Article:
“I thought I had 50 to 50 chances of success,” he said. “I was just hoping to have enough votes so that, in case I missed, I would be sure of next year.”
Kaline didn’t need next year. He was named on 88% of the ballots, which surprised him.
More thoughts on Mr. Tiger:
The great Lions Joe Schmidt has an epic piece of memories of Al Kaline
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He doubted he belonged to the same category as Jackie Robinson, Sandy Koufax, Ted Williams, Mickey Mantle, Willie Mays, Bob Feller, Warren Spahn, Ernie Banks and Stan Musial, the only other players to be registered in their first year of time eligibility.
He said he started thinking about a baseball career as a freshman in high school. As for the Hall of Fame, Kaline didn’t think about it even after the Tigers’ 1968 World Series victory.
“I hadn’t done enough before 1968 to think of the Hall of Fame,” he said. “It wasn’t until I hit 3,000 hits that the writers started writing about me as the future Hall of Famer. When I read it a lot, I thought maybe I had a chance. “
Kaline spoke at length about the World Series 68 and remained eternally grateful to manager Mayo Smith, who performed one of the most amazing moves in World Series history – taking a central defensive player and making a short stop for it. the World Series.
Kaline was injured and missed six weeks, which means that Mickey Stanley and Jim Northrup shared the outside field with Willie Horton.
A few weeks before the World Series – there were no playoffs or card games at the time – Kaline went to Smith and told him to stay with Stanley and Northrup and not to worry about him .
“The writers had written about how he was to play me,” he said. “So I went to tell him he should play the guys who brought him there. He said he wanted me to train at third base and maybe he could use me there. But one day, he said he was moving Stanley to a shortstop. I couldn’t believe it, but everything went very well. ”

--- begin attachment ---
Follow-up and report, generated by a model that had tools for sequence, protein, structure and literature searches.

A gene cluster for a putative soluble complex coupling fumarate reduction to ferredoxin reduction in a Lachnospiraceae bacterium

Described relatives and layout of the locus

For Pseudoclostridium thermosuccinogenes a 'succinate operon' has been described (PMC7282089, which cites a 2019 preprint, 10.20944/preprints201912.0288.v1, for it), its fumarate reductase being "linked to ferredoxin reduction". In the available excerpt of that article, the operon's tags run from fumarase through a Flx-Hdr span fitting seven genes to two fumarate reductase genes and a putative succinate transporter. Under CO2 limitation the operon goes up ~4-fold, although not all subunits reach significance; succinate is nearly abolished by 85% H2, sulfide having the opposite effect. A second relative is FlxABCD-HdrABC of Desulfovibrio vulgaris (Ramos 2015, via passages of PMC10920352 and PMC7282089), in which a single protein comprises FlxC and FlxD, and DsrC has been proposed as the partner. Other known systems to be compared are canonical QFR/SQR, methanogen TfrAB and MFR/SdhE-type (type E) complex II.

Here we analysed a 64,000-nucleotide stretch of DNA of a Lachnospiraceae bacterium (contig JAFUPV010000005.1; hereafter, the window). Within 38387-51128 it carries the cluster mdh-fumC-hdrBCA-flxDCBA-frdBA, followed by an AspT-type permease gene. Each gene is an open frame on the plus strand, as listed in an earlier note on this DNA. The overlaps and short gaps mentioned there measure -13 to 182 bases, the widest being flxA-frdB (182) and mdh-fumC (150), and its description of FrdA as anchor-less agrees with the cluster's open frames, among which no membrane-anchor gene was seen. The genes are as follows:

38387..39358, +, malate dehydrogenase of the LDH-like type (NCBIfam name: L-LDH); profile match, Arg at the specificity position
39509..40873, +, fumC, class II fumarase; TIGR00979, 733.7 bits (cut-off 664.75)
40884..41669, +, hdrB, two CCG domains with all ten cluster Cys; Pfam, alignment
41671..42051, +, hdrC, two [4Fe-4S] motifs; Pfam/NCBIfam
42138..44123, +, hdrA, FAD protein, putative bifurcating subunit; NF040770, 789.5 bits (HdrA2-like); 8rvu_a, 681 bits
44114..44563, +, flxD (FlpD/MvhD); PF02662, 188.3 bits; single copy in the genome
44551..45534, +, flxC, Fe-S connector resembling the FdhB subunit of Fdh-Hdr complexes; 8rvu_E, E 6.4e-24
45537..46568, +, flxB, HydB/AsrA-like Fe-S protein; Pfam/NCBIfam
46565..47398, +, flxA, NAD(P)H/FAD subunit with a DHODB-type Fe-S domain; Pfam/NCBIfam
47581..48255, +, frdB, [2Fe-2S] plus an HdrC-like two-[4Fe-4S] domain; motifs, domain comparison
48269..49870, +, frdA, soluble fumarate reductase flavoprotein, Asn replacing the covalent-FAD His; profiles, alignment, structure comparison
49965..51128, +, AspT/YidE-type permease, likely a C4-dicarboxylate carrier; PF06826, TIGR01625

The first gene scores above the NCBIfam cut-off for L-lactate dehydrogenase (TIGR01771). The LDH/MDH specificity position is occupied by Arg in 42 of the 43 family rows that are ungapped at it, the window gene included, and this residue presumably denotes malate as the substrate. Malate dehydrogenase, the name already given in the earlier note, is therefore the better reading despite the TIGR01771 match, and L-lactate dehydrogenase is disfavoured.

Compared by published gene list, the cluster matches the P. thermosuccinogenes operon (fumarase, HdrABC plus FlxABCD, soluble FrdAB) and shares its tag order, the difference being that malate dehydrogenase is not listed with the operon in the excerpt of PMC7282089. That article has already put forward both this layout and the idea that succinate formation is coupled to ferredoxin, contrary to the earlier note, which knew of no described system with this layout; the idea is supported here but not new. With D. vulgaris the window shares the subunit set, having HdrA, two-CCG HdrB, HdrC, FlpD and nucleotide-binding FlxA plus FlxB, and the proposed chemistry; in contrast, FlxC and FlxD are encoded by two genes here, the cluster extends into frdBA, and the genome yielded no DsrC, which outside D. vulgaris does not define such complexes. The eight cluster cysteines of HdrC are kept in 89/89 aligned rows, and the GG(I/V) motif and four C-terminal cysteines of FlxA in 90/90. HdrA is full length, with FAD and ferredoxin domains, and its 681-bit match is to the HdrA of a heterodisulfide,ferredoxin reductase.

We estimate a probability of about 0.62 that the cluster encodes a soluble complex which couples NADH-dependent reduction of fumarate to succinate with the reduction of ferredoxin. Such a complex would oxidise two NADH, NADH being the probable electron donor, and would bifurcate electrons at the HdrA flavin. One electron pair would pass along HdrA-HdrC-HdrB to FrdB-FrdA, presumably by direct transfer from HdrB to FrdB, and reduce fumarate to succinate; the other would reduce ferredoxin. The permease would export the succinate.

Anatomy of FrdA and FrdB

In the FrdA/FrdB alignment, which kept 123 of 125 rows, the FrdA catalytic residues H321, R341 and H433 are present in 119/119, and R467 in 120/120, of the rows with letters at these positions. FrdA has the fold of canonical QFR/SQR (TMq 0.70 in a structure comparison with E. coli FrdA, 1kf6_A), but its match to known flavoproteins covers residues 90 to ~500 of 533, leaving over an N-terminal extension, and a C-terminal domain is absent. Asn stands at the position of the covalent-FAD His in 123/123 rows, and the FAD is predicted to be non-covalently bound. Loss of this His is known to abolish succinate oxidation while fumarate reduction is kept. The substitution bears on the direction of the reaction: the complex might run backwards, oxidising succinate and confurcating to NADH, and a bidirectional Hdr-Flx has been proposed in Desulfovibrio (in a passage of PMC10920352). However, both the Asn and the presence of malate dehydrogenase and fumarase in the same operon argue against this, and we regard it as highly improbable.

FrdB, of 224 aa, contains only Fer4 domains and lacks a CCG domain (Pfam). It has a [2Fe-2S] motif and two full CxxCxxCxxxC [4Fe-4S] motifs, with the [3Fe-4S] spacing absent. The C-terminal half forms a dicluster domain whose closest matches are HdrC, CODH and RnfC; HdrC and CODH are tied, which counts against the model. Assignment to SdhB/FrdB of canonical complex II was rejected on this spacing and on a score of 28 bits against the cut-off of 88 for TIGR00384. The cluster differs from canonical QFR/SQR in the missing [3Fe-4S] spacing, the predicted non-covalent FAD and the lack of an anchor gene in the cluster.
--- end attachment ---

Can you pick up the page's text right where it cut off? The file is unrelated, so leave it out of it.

[ Al Kaline dies: Baseball world, Tigers fans, players mourn ]
Asked about it, he spoke of the time in 1971 when he refused a contract that would have made him a $ 100,000 player, which was then a status symbol.
Kaline suspected the Tigers of having offered this amount just to get rid of the press.
“I was getting closer, but I haven’t had a very good year,” he said. “I just wanted to have a good year and get the raise that way.”
He finished with 3,007 hits and 399 homers but bristled when told that they were superstar numbers.
“I don’t like the word superstar,” he said. “I think I was a good player. Not as good as a few, but better than most. “
The Tigers struggled for a few years before his selection, and Kaline was delighted with the reception he received when getting off the plane.
“Detroit fans have not had much reason to cheer on in recent years,” he said. “Now, in a very modest way, people may have something to be proud of. Maybe they can look up and say, “Hey, I’m from Detroit. “”
Kaline discovered that he had been elected to the Hall of Fame the day before the plane. And in less than 24 hours, he understood the importance of being in the Hall of Fame.
“This is the biggest thrill of all because I know the effect it will have,” he said proudly. “All my life, as long as I live, as long as my children live, my name will always be there.
“Whenever there is an election, my name will be there. Knowing what you have done is appreciated. ”
This interview has been appreciated for 40 years… and it continues.
Mick McCabe is a longtime former Detroit Free Press columnist. Contact him at [email protected] Follow him on Twitter @ mickmccabe1.